Pentagram Designers Bring Back Massimo Vignelli's 1970s New York City Subway Style GuideBy
In the 1960s, the New York subways were a mess, sign-wise. Station names and metro lines were spelled out in a hodgepodge of sizes, shapes, and styles. The original mosaic tiles had been joined by cut stone and terracotta—all of which clashed with newer enamel signs. They were not only inconsistent in terms of style but also in where they were placed, so straphangers didn’t know where to look for directions on how to get from point A to point B.
In 1970, following the merger of the IND and BMT lines, the Metropolitan Transit Authority (MTA) hired Massimo Vignelli and Bob Noorda, designers at the firm Unimark, to put an end to the typographic chaos. The system they devised still informs signs made today and is painstakingly outlined in a 174-page manual—an historic document that will soon be reprinted for a group of graphic-design-loving Kickstarter funders.
The path to Kickstarter is a typical story of Internet popularity. In 2012, Jesse Reed and Hamish Smyth stumbled across a rare copy of the New York City Transit Authority Graphic Standards Manual in the basement of their New York office. The pair, both designers at Pentagram, created a dedicated website for its scanned pages. Within 72 hours, the site got 250,000 unique hits. Two years later, the designers have struck a deal to reissue the manual, which will be available only during the 30-day Kickstarter campaign. With 25 days to go, they’ve raised more than $500,000, far surpassing the $100,000 goal.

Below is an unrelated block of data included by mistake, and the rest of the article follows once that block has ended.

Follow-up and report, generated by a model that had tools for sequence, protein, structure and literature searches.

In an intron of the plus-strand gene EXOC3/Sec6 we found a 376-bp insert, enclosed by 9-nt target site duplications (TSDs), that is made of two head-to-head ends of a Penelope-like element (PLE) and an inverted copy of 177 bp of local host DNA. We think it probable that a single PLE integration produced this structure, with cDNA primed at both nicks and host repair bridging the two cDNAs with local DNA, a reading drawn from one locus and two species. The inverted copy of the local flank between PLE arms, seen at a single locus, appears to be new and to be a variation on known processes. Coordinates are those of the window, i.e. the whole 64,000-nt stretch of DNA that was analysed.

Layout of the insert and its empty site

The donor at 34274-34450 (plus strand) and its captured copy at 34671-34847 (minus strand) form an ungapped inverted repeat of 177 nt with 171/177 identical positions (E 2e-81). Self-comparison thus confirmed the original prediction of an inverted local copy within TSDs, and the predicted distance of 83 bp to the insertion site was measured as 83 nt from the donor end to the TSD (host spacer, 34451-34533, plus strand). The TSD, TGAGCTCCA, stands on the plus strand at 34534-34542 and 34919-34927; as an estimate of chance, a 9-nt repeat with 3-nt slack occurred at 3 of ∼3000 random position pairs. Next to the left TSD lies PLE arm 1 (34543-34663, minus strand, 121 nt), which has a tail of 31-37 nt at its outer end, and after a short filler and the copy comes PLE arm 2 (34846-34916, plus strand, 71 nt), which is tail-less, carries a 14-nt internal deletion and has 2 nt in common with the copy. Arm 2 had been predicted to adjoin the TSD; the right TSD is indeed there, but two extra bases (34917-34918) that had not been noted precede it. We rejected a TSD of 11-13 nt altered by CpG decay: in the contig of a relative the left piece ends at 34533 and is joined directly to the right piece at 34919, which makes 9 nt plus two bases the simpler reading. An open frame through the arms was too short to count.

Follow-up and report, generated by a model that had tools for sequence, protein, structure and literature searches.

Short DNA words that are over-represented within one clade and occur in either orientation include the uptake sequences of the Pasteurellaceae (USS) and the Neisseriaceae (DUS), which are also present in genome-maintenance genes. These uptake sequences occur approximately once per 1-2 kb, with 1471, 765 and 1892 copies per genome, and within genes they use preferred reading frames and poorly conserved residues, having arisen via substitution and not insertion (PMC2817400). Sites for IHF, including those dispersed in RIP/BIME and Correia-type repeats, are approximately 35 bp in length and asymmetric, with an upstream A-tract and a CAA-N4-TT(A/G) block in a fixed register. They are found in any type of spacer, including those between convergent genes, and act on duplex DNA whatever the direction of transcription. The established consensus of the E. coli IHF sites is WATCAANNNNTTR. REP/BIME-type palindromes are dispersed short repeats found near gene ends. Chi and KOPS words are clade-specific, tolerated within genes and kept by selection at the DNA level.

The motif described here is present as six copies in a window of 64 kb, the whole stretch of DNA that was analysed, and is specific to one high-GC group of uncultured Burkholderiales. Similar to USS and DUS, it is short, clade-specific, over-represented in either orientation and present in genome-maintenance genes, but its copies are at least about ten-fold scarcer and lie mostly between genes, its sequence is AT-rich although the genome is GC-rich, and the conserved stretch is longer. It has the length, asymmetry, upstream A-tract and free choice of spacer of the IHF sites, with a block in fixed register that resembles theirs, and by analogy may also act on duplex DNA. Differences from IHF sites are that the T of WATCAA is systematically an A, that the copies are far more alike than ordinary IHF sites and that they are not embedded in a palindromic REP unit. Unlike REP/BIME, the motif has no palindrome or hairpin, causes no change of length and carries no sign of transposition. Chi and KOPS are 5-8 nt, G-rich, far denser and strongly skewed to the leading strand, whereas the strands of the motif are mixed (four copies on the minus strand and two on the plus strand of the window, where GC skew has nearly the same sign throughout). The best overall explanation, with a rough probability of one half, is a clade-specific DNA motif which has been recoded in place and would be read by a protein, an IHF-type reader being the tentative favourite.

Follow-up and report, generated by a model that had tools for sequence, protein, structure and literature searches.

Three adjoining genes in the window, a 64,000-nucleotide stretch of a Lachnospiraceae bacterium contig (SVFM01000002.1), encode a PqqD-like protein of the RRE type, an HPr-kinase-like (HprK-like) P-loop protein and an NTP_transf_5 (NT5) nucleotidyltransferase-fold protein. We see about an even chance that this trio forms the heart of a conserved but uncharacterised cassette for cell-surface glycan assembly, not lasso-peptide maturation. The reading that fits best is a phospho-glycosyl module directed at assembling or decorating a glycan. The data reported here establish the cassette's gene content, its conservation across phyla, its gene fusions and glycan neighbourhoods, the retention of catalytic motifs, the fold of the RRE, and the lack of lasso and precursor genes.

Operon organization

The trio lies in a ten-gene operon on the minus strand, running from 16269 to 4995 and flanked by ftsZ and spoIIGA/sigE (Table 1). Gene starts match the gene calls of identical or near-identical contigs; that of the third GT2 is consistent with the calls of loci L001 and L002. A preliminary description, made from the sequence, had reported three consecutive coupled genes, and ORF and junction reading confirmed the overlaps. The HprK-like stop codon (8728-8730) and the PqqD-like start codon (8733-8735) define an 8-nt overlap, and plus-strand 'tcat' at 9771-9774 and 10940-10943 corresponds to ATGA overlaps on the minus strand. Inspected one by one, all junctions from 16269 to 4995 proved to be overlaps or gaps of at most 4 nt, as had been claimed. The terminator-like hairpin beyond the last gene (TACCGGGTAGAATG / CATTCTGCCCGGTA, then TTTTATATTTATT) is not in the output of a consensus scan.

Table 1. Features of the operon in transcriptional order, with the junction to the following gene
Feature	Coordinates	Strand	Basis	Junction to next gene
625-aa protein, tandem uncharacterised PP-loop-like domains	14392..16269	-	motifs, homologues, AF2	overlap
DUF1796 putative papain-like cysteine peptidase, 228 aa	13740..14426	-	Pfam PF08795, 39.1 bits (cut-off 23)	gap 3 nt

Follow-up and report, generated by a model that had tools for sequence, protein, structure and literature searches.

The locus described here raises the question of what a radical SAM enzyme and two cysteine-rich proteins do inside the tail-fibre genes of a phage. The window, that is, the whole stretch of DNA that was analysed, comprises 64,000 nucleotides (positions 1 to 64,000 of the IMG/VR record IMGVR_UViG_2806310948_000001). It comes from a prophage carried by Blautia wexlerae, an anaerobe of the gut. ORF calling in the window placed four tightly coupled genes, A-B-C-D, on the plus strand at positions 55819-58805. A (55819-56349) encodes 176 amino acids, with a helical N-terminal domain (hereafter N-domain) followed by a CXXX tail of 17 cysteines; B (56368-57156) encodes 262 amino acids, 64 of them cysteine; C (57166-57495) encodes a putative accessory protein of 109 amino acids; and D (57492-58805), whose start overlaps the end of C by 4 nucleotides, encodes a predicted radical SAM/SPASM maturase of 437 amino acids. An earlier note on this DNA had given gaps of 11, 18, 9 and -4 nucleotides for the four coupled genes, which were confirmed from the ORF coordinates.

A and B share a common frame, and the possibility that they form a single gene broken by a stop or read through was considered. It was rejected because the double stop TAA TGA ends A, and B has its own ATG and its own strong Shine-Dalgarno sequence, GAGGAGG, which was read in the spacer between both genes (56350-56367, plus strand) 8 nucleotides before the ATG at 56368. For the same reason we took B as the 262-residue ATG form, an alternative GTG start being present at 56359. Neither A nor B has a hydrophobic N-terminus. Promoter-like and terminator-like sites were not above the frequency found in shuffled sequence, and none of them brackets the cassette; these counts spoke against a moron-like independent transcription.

The interest in the manual speaks to a typography-savvy public that can identify Helvetica as the official font of the MTA and knows it’s a sans-serif typeface. The reissued manual is a dutiful copy of Vignelli and Noorda’s original style guide. Every page will be printed only on the right-hand page of the book, to be consistent with the single-sided format of the ring-binder original. The difference is that the new iteration will come with even more design cred: an introduction from Vignelli’s protégé and Pentagram partner Michael Bierut and an essay from Christopher Bonanos, the author of Instant: The Story of Polaroid. Smyth says he and his colleague decided to launch a Kickstarter project because the book is so large—14.25 inches by 13.5 inches—that “no publisher would touch it.”